The large weather system sporting snow and cold that covered two-thirds of the United States last week pushed seasonal demand to over 100 Bcf for a single day on December 10, which is relatively early in the winter heating season for a peak demand day.
Fortunately, the country was well-prepared for the event with storage bursting at the seams and with production, imports from Canada and LNG responding to market requirements. In the middle of the storm, energy commodity prices for natural gas, oil and coal actually declined after the initial reaction to the coming weather event, then bobbed up and down in relatively narrow bands.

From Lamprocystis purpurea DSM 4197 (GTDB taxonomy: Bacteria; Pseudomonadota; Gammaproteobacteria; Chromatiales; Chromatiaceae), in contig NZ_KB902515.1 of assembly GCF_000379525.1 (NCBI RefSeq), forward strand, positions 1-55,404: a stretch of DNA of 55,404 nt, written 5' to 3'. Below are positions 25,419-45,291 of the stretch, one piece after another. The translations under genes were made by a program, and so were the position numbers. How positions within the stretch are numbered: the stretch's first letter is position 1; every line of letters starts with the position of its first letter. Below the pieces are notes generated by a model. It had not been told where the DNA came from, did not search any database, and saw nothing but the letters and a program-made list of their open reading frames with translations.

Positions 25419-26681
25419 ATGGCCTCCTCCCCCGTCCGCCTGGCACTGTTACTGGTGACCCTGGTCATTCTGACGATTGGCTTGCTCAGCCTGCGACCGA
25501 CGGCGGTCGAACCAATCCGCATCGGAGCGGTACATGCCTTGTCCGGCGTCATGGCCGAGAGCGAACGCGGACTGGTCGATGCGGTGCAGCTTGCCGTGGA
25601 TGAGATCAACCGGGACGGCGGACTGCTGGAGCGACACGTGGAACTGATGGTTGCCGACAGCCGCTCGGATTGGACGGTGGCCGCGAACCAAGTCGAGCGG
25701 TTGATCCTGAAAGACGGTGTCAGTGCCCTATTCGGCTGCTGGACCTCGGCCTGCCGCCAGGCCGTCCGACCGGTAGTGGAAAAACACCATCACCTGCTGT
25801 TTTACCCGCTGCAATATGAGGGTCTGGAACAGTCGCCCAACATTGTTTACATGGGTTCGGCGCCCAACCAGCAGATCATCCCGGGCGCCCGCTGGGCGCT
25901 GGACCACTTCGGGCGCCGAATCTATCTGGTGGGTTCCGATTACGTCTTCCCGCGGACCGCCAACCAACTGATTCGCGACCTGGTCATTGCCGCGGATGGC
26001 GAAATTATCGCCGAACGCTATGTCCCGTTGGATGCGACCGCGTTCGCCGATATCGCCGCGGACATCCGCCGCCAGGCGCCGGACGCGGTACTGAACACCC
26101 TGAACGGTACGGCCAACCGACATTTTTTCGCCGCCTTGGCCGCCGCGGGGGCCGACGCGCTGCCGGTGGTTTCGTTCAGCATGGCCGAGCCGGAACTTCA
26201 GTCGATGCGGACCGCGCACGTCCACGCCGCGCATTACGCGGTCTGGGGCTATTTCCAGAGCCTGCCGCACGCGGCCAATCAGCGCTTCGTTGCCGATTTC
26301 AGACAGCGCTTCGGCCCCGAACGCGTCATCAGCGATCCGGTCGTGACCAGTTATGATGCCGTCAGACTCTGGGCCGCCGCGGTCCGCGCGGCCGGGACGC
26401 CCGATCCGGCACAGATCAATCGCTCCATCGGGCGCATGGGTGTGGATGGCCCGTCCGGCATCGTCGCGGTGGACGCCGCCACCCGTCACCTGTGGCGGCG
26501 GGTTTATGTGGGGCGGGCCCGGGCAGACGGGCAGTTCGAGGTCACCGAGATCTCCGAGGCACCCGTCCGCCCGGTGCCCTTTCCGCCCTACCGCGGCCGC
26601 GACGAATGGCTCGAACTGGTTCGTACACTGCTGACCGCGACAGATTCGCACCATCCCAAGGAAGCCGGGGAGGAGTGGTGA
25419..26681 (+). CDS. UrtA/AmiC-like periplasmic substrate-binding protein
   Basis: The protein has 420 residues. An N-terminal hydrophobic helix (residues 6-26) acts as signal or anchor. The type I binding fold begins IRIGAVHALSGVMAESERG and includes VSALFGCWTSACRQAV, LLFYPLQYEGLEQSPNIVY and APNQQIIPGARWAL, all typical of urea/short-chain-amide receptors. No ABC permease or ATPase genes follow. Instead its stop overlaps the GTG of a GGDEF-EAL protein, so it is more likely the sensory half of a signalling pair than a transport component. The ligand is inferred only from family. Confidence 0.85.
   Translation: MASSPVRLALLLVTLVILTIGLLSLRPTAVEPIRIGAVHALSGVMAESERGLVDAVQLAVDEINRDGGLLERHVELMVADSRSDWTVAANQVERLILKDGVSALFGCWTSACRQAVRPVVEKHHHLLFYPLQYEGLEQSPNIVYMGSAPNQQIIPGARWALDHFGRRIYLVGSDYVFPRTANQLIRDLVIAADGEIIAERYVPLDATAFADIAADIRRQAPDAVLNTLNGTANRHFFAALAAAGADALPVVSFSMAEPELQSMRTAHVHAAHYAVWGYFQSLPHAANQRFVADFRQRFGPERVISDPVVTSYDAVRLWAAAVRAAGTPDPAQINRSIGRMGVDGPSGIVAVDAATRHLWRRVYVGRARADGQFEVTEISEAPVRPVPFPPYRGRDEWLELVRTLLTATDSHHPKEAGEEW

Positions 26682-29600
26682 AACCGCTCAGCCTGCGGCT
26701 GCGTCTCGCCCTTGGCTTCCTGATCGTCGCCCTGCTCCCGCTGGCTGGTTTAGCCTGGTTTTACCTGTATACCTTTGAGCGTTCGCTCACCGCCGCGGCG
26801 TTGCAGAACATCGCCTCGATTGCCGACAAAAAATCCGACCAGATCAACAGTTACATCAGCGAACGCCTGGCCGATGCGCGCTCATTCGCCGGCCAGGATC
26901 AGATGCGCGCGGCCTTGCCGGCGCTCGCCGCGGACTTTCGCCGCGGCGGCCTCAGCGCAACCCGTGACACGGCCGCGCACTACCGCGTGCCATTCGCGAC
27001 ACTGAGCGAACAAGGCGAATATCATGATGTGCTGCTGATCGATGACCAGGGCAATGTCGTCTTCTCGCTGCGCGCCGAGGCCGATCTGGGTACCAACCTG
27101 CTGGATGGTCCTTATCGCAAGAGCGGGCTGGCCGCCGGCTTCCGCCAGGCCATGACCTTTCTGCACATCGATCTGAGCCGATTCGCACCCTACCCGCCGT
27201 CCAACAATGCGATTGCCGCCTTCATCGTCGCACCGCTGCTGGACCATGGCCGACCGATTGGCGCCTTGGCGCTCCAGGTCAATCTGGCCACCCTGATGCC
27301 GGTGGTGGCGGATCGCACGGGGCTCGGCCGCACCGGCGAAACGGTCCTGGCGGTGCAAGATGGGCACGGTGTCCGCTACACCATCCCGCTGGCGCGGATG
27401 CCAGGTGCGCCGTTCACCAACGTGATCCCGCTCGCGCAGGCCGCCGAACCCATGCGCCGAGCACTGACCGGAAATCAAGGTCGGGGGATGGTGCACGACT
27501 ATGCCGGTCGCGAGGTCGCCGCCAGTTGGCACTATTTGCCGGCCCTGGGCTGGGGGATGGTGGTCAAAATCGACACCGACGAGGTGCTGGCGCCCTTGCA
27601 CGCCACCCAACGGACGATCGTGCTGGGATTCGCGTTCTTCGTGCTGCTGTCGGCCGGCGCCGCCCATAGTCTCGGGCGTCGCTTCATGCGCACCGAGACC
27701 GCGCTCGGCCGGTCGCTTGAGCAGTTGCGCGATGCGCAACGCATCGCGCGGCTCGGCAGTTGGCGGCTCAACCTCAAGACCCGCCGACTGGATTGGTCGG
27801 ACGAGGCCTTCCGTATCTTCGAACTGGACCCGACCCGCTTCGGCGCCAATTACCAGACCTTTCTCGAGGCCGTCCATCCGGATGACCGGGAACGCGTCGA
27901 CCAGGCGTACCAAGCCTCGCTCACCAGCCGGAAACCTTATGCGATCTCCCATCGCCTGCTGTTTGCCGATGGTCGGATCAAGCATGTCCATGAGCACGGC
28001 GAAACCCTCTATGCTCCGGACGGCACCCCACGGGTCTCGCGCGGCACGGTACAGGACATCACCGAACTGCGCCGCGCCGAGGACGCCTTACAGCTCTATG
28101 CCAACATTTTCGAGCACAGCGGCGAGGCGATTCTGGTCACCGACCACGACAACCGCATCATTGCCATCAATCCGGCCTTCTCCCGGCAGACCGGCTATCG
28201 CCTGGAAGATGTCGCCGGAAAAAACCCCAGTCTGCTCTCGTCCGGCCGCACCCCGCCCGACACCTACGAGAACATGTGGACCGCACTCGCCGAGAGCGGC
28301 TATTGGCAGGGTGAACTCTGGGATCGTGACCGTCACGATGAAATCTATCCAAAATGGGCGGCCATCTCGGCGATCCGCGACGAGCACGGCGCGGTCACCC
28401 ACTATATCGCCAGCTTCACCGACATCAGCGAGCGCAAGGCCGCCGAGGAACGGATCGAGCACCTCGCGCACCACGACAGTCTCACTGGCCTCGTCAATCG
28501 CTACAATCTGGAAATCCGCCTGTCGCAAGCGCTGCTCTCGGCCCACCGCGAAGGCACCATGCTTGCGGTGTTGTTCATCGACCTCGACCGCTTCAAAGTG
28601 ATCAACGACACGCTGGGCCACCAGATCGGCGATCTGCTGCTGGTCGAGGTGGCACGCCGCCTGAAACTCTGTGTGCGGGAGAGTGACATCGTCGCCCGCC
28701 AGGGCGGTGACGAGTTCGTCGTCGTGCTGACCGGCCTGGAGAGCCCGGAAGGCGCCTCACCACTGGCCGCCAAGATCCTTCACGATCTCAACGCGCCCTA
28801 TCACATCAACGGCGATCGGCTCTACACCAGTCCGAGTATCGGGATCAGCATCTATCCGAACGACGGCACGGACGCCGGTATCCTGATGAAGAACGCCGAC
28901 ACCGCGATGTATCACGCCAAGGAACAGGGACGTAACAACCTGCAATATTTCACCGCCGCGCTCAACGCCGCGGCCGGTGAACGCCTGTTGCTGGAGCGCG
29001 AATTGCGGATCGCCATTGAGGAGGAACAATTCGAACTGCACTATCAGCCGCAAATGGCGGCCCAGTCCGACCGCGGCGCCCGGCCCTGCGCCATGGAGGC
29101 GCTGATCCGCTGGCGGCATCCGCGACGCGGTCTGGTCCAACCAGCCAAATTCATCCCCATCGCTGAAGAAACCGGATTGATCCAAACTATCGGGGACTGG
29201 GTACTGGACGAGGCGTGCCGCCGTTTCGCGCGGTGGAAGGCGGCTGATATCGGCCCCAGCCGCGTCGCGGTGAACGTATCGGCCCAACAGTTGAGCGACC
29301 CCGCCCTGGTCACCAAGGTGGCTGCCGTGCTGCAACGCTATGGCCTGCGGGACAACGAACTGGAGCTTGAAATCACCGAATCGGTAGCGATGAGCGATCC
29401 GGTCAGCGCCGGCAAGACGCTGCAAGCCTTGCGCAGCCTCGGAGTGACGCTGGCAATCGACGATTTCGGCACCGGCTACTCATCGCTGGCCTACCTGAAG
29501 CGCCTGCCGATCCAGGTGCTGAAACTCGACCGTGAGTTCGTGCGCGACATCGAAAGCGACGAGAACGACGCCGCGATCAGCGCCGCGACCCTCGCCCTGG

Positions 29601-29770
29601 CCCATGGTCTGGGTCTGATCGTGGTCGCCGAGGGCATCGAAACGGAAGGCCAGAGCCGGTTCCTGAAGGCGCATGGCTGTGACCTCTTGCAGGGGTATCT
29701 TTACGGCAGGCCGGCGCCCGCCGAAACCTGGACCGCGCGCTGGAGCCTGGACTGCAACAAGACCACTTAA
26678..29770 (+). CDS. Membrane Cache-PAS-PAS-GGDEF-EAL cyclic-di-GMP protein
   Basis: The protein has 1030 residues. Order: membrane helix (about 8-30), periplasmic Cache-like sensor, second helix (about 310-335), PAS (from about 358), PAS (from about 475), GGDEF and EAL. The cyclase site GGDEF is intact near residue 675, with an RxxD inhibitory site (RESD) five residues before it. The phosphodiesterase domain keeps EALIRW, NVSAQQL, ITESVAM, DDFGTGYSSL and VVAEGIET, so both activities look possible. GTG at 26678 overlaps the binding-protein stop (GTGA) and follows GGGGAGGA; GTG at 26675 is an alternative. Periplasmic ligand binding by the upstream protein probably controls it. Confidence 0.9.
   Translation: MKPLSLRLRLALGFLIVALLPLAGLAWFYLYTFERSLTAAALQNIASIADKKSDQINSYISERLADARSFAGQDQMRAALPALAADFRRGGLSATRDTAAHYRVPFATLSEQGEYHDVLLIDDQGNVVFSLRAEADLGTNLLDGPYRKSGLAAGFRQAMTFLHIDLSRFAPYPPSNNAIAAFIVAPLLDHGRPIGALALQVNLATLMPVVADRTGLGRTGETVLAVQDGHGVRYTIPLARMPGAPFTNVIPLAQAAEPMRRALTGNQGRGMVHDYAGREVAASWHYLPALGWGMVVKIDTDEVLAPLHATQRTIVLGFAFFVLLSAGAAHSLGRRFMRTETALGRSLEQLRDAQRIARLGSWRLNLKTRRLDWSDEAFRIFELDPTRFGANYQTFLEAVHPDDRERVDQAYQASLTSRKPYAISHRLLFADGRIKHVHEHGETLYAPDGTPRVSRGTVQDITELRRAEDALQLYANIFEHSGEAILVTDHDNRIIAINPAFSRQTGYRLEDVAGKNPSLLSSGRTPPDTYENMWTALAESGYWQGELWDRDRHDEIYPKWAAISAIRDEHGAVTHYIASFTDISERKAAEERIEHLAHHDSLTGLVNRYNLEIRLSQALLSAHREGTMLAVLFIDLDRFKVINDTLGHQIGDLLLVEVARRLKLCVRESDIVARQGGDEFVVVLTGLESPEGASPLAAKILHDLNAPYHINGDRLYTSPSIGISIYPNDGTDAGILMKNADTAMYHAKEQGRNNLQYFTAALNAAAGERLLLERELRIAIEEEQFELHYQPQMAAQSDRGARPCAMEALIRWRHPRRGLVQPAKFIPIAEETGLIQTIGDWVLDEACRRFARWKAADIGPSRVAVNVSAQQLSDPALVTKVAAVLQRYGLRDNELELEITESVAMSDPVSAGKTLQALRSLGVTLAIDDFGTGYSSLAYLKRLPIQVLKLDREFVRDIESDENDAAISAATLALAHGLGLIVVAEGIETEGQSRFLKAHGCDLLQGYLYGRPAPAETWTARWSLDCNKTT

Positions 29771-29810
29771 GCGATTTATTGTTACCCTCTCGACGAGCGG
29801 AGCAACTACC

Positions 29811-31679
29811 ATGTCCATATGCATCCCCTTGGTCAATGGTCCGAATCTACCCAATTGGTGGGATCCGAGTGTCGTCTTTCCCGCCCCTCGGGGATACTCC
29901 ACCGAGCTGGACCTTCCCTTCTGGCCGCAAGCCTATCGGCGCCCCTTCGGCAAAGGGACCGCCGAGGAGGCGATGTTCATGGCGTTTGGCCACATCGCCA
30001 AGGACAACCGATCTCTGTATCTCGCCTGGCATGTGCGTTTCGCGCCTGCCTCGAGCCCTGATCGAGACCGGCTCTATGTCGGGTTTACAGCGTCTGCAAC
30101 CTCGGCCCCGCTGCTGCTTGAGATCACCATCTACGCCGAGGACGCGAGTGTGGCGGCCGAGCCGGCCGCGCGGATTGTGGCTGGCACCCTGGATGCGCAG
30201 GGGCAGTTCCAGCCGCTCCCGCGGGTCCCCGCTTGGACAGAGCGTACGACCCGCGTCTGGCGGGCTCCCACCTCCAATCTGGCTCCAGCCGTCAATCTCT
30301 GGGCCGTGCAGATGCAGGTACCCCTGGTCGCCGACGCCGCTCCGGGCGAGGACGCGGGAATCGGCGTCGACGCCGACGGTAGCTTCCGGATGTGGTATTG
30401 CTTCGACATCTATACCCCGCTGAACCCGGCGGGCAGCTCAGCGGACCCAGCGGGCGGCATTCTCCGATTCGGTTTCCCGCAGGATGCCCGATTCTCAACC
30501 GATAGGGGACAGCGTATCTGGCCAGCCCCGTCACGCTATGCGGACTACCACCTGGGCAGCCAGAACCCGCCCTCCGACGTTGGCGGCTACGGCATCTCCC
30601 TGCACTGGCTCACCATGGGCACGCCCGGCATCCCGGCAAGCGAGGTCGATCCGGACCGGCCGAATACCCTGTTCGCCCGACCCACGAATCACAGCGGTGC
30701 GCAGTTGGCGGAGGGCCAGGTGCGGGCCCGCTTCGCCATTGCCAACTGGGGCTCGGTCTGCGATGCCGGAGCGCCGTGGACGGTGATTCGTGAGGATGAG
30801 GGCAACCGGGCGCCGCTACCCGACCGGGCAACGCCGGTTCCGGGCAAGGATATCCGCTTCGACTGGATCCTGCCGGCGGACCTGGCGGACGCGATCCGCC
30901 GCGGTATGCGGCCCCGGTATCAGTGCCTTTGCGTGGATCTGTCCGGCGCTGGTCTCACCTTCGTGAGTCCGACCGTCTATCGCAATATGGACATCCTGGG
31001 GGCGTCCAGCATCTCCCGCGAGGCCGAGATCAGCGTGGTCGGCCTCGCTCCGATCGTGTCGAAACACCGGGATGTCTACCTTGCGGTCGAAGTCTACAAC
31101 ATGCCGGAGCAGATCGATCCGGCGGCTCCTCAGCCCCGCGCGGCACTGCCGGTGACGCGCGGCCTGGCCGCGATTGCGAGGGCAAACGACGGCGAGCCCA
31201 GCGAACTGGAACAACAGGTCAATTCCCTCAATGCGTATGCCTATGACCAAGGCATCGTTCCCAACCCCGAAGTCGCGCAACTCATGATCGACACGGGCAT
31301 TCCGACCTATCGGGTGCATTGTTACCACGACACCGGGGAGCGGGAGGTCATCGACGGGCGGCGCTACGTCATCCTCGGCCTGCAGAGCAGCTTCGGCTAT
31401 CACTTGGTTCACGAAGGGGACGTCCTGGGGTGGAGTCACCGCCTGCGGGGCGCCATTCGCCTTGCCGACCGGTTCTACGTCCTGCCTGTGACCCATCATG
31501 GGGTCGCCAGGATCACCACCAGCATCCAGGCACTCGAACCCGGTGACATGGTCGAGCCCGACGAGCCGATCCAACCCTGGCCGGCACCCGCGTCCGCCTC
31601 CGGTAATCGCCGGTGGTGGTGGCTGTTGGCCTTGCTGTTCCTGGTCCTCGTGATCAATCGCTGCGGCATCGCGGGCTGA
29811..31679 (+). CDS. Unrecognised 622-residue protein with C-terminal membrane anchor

Price movements during the storm generally confirm a strong supply position for winter heating season fuels, in general.
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